Perhaps the mountain imagery is a little too apt

Warning: This post will be long and of little interest to the broader community. But it’s about hockey, for what that’s worth.

Last night, I attended a Hockey Canada Summit hosted by the Ottawa District Hockey Association. Essentially, Hockey Canada wants to engage the people involved in the grassroots of hockey in this country to find ways to improve the experience for the kids who play. A noble cause, to be sure.

For those not familiar with this particular monolithic outfit, Hockey Canada is responsible for overseeing hockey programs in Canada, starting with the initiation program for six and seven year olds, through the minor hockey ranks into junior and the national men’s and women’s programs.

To put that in perspective, consider this dichotomy. I coach a team of nine and ten year olds, more than half of whom have never played hockey before this season. Their parents dress them before games and I consider it a victory if I make it through a game without shouting “You’re offside!” to a confused-looking left winger more than twice. Meanwhile, Steve Yzerman was recently named to head Canada’s entry to the upcoming World Hockey Championships in Moscow. He will assemble a team of NHL players to compete against the world’s best players*.

In these respective roles, Steve Yzerman and I fall under the same governing body – Hockey Canada.

So yea. Its job is anything but an easy one. The overused term “herculean task” comes to mind.

So please, when reading the rest of this rant, keep that little dichotomy in mind. I think given the challenges of this incredible scope, Hockey Canada does an impressive job. The string of international success and Canada’s continued dominance on the world stage is a testament to the Hockey Canada development model.

However, at a local level, the connection between the governing body and the coaches on the ground is… non-existent. So when an opportunity such as last night’s summit arises, despite the noblest of intentions of improving the experience of all kids involved in minor hockey, the old adage that “All politics is local” takes on a truly tangible light.

In my particular working group, wonderful big-picture topics were continually abandoned in favour of each individual participant’s particular concern based on their own experience. Discussions about failures in the mentoring structure for referees, for example, devolved into rants about messy incidents experienced by one participant or another. Then when it came time to focus on solutions, we ended up with situation-specific ideas that are either over-reactionary or not practical on a large scale.

And I don’t blame the participants one bit.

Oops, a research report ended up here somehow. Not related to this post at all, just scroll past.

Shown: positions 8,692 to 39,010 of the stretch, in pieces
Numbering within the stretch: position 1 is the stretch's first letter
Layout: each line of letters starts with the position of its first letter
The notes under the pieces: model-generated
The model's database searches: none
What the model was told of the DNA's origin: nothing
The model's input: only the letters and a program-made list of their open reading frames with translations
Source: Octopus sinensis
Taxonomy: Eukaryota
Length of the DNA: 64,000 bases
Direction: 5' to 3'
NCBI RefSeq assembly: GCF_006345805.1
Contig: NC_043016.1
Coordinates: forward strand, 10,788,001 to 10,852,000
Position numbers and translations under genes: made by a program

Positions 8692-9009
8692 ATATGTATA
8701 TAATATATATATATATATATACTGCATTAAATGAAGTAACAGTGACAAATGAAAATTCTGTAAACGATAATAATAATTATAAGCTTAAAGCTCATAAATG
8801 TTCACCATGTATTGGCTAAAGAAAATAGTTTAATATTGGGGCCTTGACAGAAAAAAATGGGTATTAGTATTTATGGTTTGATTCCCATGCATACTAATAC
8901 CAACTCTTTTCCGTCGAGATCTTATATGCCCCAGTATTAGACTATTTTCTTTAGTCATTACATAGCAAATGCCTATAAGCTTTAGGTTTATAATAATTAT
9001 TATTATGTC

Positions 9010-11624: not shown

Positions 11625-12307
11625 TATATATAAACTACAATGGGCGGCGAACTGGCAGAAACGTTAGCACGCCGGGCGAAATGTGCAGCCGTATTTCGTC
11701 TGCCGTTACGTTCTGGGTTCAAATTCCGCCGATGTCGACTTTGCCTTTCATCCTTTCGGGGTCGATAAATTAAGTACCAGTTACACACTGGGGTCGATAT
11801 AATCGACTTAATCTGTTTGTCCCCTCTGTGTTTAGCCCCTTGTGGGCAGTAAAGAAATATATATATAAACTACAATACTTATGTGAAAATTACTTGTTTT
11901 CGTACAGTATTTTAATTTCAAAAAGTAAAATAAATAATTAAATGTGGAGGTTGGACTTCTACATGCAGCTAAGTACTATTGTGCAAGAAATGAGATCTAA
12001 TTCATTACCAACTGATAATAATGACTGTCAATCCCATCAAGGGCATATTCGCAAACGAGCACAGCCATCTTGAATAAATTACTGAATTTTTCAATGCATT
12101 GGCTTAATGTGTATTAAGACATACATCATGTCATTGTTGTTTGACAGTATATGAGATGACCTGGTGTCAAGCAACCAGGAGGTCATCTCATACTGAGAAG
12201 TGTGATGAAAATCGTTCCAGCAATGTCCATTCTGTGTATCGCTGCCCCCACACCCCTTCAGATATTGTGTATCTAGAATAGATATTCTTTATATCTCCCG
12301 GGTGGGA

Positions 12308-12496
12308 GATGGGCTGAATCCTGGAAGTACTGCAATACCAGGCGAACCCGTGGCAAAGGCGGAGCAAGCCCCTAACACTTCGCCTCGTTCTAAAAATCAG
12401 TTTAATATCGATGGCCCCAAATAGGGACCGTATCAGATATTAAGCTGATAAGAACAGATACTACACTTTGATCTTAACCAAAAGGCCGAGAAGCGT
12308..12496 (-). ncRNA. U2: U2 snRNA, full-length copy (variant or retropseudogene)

See, I think I come at this from a somewhat different perspective as I’m a rarity in minor hockey: I’m a coach without child. This means I can take a relatively dispassionate look at these situations because it’s not my kid that’s affected. For these coach/parents or executive/parents, the local concern is easily the most important because we’re talking about their own flesh and blood. This big-picture concept of “the game” gets lost.

The issue is one of communication. Throughout the year, parents don’t get an opportunity to have their voice heard often enough. Each association under the auspices of Hockey Canada becomes something of a fiefdom focused on the overwhelming logistics of registration and player evaluation and scheduling and everything else that goes into operating a minor hockey program.

The result is a fundamental disconnect between the governing body, with its abundant resources and wealths of information, and the people at the grassroots level of hockey. Good decisions are being made and wonderful resources are being developed by the professional minds at Hockey Canada but far too often, these resources aren’t properly distributed or made available to the people who really need them.

So when Hockey Canada does decide to reach out, like at last night’s summit, it’s like a steam valve has been opened. Local issues dominate, solutions become muddied and in the end, it’s a challenge to pick out one or two big-picture issues from the plethora of nitpickery.

What’s the solution? I think Hockey Canada needs to find a better way to communicate with the grassroots. Perhaps these summits should occur more often, on a more manageable scale. Perhaps there needs to be more of a Hockey Canada presence in the hundreds (thousands?) of rinks across the country.

Perhaps Hockey Canada should come down from their mountain every once in awhile and see what’s really going on in the world of minor hockey.

*minus those who are still playing in the NHL playoffs

1 comment

  1. Joe:

    Interesting frustrations!

    That is indeed the root need for Hockey Canada’s new focus on mentorship and also one of the key reasons mentorship is so slow getting underway in most branches.

    Tom Boughner,
    North Central District Mentorship Coordinator
    BC Hockey

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